Texts by and about Natives: Commentary

11. Elizabeth Woody, "By Our Hand, through the Memory, the House is More than Form"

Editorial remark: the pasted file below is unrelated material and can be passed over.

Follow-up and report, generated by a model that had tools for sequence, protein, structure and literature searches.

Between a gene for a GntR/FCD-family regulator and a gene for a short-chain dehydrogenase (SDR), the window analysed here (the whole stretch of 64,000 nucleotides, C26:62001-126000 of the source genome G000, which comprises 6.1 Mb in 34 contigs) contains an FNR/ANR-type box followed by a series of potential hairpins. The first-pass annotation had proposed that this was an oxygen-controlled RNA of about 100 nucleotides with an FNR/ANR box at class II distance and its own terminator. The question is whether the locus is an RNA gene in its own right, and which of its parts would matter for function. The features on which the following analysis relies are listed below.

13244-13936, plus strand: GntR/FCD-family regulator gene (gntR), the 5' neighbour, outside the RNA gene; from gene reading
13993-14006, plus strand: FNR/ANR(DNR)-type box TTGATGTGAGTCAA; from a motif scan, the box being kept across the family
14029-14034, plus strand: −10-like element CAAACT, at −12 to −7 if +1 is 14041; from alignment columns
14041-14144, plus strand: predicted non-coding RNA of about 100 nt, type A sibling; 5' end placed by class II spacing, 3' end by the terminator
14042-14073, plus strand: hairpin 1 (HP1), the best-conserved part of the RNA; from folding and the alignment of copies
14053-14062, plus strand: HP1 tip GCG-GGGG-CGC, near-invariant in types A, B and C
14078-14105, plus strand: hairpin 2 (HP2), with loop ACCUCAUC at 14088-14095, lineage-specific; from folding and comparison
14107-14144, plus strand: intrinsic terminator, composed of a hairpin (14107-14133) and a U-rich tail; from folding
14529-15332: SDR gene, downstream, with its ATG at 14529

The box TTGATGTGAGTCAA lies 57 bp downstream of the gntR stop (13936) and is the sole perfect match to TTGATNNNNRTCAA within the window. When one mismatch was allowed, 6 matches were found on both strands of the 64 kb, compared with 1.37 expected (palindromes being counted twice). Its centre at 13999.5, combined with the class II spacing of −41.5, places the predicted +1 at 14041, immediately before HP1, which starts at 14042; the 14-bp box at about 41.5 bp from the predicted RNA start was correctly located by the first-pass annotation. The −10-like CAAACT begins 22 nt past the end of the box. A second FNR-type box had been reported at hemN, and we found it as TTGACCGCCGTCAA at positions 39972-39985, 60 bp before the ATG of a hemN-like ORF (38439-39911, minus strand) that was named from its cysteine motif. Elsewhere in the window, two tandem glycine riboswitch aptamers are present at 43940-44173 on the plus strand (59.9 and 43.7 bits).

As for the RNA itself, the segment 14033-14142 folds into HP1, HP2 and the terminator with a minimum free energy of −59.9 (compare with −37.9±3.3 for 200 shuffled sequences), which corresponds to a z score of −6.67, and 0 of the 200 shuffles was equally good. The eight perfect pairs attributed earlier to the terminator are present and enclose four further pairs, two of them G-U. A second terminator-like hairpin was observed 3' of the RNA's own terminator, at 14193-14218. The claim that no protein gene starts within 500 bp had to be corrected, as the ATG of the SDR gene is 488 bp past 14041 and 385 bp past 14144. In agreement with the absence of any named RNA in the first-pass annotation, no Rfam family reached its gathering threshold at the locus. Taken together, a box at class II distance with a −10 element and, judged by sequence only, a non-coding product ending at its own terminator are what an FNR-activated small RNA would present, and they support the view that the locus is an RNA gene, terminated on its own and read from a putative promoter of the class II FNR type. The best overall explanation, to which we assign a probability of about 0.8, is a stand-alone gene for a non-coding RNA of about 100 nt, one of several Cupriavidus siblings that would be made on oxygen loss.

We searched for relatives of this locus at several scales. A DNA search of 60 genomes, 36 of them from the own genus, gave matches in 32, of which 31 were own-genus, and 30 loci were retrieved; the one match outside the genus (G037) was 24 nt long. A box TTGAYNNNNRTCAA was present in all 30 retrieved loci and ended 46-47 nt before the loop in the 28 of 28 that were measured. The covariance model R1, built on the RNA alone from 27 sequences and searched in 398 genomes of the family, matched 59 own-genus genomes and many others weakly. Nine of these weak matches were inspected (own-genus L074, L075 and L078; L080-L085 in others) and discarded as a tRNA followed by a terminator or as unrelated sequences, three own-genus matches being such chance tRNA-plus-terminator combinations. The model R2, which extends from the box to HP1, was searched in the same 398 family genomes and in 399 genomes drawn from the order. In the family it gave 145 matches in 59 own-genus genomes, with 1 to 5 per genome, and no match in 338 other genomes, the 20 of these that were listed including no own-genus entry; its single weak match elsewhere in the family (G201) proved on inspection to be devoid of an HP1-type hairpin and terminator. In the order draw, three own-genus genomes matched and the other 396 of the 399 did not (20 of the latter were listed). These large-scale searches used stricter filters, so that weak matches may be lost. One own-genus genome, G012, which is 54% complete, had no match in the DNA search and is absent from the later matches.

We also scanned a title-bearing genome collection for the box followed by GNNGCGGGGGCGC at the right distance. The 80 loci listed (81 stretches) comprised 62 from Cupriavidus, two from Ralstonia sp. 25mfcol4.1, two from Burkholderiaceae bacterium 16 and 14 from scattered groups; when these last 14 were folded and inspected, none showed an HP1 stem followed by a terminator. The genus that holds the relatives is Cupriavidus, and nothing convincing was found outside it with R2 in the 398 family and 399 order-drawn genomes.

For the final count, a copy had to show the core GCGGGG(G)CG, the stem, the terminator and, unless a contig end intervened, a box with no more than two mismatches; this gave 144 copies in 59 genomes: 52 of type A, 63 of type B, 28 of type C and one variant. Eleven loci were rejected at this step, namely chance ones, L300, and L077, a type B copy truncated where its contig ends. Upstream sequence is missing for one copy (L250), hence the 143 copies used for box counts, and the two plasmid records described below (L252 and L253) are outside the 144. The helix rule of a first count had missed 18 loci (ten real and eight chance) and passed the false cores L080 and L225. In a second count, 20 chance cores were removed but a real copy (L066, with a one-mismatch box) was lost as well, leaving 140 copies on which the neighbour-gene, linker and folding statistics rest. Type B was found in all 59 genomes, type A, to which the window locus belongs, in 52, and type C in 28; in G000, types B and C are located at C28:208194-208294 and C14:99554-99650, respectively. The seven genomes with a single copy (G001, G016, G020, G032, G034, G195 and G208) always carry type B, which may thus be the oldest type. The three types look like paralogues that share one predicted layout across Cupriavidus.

A member of the Confederated Tribes of Warm Springs (Oregon), Elizabeth Woody is an artist and writer who belongs, she says, “to a people who cherish the land.” Woody describes her own art as a legacy from her grandparents, Lewis Pitt, Sr., and Elizabeth Thompson Pitt, two people who “made things.” Her grandfather descended from the ancient Fisher bands who made distinctive male and female figures and images of the deer and condors and sturgeon one could once see along the Columbia River. Woody’s grandmother, a Walla Wallan, made beaded buckskin clothing, baskets, and cradleboards as continuations of her own ancestors’ arts. These created objects, Woody believes, showed deep family love and served as avenues for prayer. In her grandmother’s tradition, Elizabeth Woody also makes things—poems, prose, and artworks. She has published in Ploughshares and in many other journals; her writings include a book of poems, The Pocket Cook Book, Hand Into Stone, which received the American Book Award in 1990 and has been expanded and republished as a book of poetry and prose, Seven Hands, Seven Hearts. She has since written another book of poems, Luminaries for the Humble. Woody has edited and/or been included in many anthologies, including Reinventing the Enemy’s Language: Contemporary Native Women’s Writings of North America (1997), Salmon Nation: People and Fish at the Edge, (1999), and Here First: Autobiographical Essays by Native American Writers (2000). Woody taught creative writing at the Institute of American Indian and Alaskan Native Arts, in Santa Fe, New Mexico. She has also worked with Ecotrust in Portland, Oregon.

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